Geraint Thomas was supposed to support four-time defending champion Chris Froome. But Thomas proved he was the stronger rider and kept the yellow jersey.
Team Sky spends all year honing every possible detail to win the Tour de France, the race that is practically its raison d’être.
No detail is too small. Sky famously studies hotels along the route to know which ones have air conditioning and which ones don’t. It prepares custom bedsheets for the riders. It invests millions in sports science.
So it took the peloton by surprise halfway through this summer’s Tour when, all of a sudden, the team that leaves no detail to chance didn’t even seem to know who its strongest rider was.
The expectation had always been that it would be Chris Froome, the four-time Tour champion coming off a stunning, if physically taxing victory in the Giro d’Italia. At least, it was until the Tour reached the Alps. That’s when his teammate, a 32-year-old support rider from Wales named Geraint Thomas took over the leader’s yellow jersey.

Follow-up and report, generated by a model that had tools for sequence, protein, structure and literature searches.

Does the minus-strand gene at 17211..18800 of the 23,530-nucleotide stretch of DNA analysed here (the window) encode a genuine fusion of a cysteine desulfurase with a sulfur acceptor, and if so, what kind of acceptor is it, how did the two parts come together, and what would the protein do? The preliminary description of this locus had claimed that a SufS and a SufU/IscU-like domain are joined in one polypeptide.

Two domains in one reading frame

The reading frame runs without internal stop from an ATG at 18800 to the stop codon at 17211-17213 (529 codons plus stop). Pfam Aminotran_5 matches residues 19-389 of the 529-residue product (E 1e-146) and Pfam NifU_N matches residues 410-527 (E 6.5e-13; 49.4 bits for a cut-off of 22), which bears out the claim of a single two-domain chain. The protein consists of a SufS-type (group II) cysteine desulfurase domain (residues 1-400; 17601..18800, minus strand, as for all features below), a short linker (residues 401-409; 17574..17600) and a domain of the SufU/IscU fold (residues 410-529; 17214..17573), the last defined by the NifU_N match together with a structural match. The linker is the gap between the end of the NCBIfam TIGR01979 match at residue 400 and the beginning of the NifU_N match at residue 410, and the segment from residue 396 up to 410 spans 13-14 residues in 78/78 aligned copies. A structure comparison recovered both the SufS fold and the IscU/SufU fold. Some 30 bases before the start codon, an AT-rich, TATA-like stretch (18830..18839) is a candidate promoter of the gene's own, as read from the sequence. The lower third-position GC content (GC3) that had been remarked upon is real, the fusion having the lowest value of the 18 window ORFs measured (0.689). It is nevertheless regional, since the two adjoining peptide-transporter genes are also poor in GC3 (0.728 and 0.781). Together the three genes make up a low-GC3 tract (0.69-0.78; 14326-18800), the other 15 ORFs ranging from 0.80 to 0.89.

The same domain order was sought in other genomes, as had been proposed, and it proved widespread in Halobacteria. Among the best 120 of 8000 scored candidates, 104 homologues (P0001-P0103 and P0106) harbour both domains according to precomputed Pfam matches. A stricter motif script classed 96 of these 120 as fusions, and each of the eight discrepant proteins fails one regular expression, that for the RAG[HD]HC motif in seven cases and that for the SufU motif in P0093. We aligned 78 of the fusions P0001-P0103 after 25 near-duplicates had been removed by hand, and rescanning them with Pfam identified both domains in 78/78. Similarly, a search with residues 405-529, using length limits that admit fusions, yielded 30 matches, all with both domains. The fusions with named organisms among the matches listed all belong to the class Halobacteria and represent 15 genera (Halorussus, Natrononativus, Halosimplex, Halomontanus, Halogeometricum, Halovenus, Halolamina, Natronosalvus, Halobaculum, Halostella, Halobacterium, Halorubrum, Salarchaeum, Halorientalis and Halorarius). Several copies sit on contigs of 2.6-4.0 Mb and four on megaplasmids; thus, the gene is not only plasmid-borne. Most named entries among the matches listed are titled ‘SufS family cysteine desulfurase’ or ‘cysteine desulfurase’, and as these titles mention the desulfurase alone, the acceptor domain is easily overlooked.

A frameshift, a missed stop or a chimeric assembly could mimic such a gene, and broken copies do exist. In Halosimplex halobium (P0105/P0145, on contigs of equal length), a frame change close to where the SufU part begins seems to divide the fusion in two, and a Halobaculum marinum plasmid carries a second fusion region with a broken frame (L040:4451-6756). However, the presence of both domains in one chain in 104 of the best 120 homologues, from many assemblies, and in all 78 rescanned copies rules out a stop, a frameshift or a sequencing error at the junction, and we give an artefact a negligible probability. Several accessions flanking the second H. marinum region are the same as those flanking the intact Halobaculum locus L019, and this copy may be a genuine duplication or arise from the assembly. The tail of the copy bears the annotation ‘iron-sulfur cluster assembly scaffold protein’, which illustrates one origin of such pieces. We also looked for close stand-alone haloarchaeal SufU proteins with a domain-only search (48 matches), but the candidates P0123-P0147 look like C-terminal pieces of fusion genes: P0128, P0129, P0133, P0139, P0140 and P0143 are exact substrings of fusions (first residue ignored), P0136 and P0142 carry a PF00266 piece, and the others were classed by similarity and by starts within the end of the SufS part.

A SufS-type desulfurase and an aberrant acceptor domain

Froome, the most accomplished stage racer of his generation, became a deluxe domestique. And Thomas, who had never won a Grand Tour, morphed into the Sky leader, all the way to victory on the Champs-Elysées on Sunday.
“It’s incredible just to be sat here with this jersey. Insane,” Thomas said ahead of Sunday’s ceremonial stage into Paris. “A big thanks to Froomey…I appreciate having the best stage rider ever riding for me.”